10 spring chores to keep your garden looking grand
Keeping one’s garden’s looks entails certain basic chores, which must be done lest the place go to rack and ruin. Below, more or less in order, are ten tasks to accomplish during May and June.
1 Cut down the dead tops of all perennials—but wait for signs of new growth on Russian Sage, Caryopteris (Blue Mist Shrub), Buddlea, and herbaceous hydrangeas before you start clipping.
2 Prune back winter-killed branches of boxwood, andromeda, hollies, and other evergreen shrubs.
3 Scatter a well-balanced granular fertilizer—ask for input at the nursery— on all beds and borders. While you’re at it, if you have acid soil, toss some lime around peonies, clematis, and lilacs (be sure to water the lime in); they have a weakness for sweets.
4 When the ground has entirely warmed up, apply mulch to the borders to discourage weeds and to retain moisture.
5 Divide fall-flowering perennials (in this case, there is such a thing as a free lunch).
6 Don’t shear the yellowing leaves of spring-flowering bulbs until they are well and truly withered; tying the leaves with rubber bands is ill-advised (the green stuff is actually feeding the bulbs).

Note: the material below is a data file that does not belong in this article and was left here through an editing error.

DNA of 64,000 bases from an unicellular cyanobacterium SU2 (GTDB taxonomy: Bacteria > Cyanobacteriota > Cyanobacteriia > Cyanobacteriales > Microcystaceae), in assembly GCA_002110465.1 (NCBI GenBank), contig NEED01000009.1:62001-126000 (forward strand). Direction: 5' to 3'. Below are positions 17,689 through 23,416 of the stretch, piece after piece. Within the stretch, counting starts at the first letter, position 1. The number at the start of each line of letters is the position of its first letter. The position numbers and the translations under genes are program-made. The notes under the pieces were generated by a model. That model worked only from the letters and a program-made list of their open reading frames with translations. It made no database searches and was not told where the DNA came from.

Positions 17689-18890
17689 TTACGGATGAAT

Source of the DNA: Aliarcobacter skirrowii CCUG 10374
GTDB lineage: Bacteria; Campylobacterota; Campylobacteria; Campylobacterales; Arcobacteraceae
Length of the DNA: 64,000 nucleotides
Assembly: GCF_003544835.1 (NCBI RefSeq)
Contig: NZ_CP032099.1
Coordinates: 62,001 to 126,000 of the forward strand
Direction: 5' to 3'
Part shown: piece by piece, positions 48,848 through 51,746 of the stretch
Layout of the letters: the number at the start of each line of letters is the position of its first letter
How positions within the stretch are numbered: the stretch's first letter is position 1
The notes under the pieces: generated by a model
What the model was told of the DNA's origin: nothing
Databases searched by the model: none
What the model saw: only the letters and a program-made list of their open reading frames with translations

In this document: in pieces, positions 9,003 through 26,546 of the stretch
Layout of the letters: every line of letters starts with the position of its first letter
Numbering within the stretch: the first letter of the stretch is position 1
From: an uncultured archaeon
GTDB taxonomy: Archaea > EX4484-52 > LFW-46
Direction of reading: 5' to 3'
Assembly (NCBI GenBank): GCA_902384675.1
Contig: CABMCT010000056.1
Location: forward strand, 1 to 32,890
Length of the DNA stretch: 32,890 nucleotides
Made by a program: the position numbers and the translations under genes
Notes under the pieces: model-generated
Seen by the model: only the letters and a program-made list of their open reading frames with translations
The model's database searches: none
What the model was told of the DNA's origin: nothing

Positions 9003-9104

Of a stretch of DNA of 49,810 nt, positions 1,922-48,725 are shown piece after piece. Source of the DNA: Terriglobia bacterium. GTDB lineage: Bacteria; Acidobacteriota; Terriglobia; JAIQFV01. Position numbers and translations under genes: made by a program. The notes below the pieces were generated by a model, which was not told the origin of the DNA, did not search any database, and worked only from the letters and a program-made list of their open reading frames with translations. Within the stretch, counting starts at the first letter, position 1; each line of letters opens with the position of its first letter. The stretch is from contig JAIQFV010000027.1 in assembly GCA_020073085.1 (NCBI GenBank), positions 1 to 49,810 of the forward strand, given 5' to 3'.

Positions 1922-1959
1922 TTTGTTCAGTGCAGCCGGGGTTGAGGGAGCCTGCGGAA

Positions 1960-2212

7 Be on the lookout for such late risers as balloon flower (aka Platycodon), lest you inadvertently dig them up. The best policy here is to stub plant markers into the ground when you first install them so in future you’ll know where they are. Likewise, if you’re uncertain whether a green thing is a weed, wait to pull it out: it might be a flower you planted.
8 Install grow-through supports for herbaceous peonies and other tall perennials that tend to flop. Long-stemmed lilies can be staked with individual loop supports.
9 Cut back such Clematis cultivars as ‘Jackmanii’ to healthy buds 18 inches from the ground, as these bloom on the current year’s growth.
10 By mid-June, it’s safe to put houseplants and pots of annuals outdoors for the seasonal duration.